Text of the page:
Parents in Whanganui are outraged the city's main urgent medical clinic has begun charging for treatment of children during the day.
Whanganui Accident and Medical clinic has introduced a $10 charge for treating under-13s for medical conditions between 8am and 5pm.
The clinic is connected to Whanganui Hospital and shares a reception with its emergency department. It operates between 8am and 9pm and, according to its website, caters specifically to people without their own GP: visitors or people new to Whanganui.
It is also a preferred ACC provider and acts as triage for the hospital's emergency department.
Mother-of-two Kyley Logan said it was not always possible to get an appointment with a GP at short notice, and parents were being billed for a service that should be free.
"I guess as a parent we're really reliant on having an after-hours or an overflow service because there's such a lack of GP time available and obviously if you've got a sick child, that's not tenable.
"To me that's the reason why the government has put in place the free healthcare for under-13s."
In 2014, the government allocated $90 million over three years to extend free medical care to children under-13 years of age, expanding on a policy that already existed for children under six.
Ms Logan said the clinic's actions appeared to fly in the face of that initiative. She said the clinic was popular with parents and the charge would hit some people very hard.
"Really, in this community that is going to be the difference between people taking their child and getting the medical care they need or not because we don't have the option of going to an ED where it would be free and you can't get into a GP."
However, Whanganui Regional Health Network chief executive Judith MacDonald said the clinic did not get the same level of funding as GPs for treating under 13s for medical conditions during normal working hours.
Ms MacDonald, who is also a director at the clinic, said the large number of children turning up at the clinic this winter had put it under financial pressure.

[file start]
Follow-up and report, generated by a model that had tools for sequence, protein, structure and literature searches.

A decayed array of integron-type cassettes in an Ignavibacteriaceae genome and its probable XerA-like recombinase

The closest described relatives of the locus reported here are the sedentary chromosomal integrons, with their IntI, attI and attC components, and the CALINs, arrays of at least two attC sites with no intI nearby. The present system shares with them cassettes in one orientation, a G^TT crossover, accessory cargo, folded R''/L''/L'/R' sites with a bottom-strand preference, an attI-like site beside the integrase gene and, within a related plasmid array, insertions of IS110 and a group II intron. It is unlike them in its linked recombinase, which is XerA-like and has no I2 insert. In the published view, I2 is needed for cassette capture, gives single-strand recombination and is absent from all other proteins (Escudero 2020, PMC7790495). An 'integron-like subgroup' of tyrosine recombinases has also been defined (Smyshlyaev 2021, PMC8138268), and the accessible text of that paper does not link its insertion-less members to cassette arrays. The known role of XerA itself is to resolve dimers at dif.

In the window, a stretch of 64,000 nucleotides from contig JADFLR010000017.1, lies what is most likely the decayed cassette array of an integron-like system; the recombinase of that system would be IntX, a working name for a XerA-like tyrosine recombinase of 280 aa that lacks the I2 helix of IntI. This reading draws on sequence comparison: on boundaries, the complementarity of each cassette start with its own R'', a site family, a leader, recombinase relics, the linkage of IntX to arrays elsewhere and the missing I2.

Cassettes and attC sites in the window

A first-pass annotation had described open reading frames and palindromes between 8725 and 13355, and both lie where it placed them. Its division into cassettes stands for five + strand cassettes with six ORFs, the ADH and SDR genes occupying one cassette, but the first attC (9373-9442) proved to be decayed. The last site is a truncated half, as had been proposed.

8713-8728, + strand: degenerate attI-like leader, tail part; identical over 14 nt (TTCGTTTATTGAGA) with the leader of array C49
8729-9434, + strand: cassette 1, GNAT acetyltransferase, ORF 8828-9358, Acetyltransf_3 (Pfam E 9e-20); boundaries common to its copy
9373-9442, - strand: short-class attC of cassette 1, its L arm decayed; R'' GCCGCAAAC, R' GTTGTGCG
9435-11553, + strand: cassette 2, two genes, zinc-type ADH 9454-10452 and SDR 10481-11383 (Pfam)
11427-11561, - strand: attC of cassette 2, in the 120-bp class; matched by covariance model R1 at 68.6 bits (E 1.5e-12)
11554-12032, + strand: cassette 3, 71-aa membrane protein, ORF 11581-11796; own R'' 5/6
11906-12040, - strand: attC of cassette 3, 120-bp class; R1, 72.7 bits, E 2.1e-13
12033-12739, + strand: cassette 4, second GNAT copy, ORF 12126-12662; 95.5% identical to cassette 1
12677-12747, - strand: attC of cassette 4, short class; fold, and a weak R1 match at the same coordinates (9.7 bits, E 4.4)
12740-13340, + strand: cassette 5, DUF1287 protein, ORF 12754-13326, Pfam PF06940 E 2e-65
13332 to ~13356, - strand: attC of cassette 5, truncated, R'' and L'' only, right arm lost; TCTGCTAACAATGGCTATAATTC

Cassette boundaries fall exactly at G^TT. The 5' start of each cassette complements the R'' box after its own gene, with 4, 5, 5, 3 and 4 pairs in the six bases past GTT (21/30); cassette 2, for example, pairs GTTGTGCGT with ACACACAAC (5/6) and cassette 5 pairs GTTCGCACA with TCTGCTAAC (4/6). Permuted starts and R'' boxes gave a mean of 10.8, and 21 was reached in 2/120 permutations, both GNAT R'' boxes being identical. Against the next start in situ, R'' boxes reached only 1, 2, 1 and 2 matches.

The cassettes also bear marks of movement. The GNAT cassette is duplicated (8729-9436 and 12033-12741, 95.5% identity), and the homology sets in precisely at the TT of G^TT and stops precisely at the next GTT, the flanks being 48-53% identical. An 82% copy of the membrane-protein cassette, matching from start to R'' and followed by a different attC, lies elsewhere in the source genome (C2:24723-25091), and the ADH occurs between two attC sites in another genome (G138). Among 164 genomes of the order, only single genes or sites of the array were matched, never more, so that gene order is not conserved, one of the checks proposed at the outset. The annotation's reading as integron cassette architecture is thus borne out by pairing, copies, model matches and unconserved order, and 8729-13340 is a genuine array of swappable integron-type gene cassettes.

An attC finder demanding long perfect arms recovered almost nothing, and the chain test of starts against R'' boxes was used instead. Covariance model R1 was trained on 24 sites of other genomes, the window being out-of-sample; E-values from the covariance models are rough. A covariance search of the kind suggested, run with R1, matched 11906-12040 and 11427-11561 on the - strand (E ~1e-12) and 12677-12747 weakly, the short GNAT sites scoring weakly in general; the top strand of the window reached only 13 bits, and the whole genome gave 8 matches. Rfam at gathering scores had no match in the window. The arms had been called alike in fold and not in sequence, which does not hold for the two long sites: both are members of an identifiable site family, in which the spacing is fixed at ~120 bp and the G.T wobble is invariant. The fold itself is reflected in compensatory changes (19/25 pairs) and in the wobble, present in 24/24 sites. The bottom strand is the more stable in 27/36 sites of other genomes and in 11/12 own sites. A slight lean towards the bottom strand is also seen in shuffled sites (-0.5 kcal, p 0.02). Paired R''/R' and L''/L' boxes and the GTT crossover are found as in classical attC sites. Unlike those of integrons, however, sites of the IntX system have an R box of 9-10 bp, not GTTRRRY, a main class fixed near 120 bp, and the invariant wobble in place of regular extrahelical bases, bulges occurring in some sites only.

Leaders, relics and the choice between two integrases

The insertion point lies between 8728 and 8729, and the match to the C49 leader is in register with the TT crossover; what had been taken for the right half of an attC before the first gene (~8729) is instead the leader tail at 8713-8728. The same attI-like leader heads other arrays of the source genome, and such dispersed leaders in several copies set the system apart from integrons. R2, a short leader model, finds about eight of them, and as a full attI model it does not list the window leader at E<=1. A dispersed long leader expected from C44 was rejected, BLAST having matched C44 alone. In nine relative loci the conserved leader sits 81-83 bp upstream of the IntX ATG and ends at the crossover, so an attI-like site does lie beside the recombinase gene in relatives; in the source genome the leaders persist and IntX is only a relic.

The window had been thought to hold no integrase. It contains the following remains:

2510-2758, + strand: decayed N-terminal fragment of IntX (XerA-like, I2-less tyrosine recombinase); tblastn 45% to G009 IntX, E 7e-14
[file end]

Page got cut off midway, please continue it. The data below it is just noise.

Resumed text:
"Between the hours of 8am and 5pm we are not funded by anyone for free under-13s and so we had been taking that hit, so we felt it was reasonable to create the modest fee of $10."
Ms MacDonald said there were still free services available for those patients who needed them.
"We spoke with our GP members and asked if they would be able to create capacity for either walk-in or same-day appointments for under-13s given that they were receiving the government subsidy, and they all agreed that while it was busy they could accommodate that."
Ms MacDonald said the clinic still offered a free, after-hours medical service for under 13s. However, it did not want to compete with general practices, and recommended families register their children with a GP, she said.
She said many people were under the false impression they could choose to go to the clinic or the emergency department and that was not the case.
The co-location was working well, she said, and while patient traffic at the clinic had increased by 13 percent over past year ED volumes had only increased by 5 percent, indicating patients were being sent to the right service.
Whanganui Health and Disability advocate Bronwyn Hughes said the clinic's location at the hospital, and its multiple roles, were problematic.
"The community consensus is it that it causes confusion. The number of times that people have to clarify whether people went to ED or the Whanganui Accident and Medical clinic.
"The other question we often ask is did you get a bill. If you got a bill you went to the clinic."
Ms Hughes said people in Whanganui often needed reminding the clinic was a private business and had the right to charge - even for children.
"Every non-government agency that works with people who are vulnerable, we say to them unless it is an absolute emergency go after 9pm."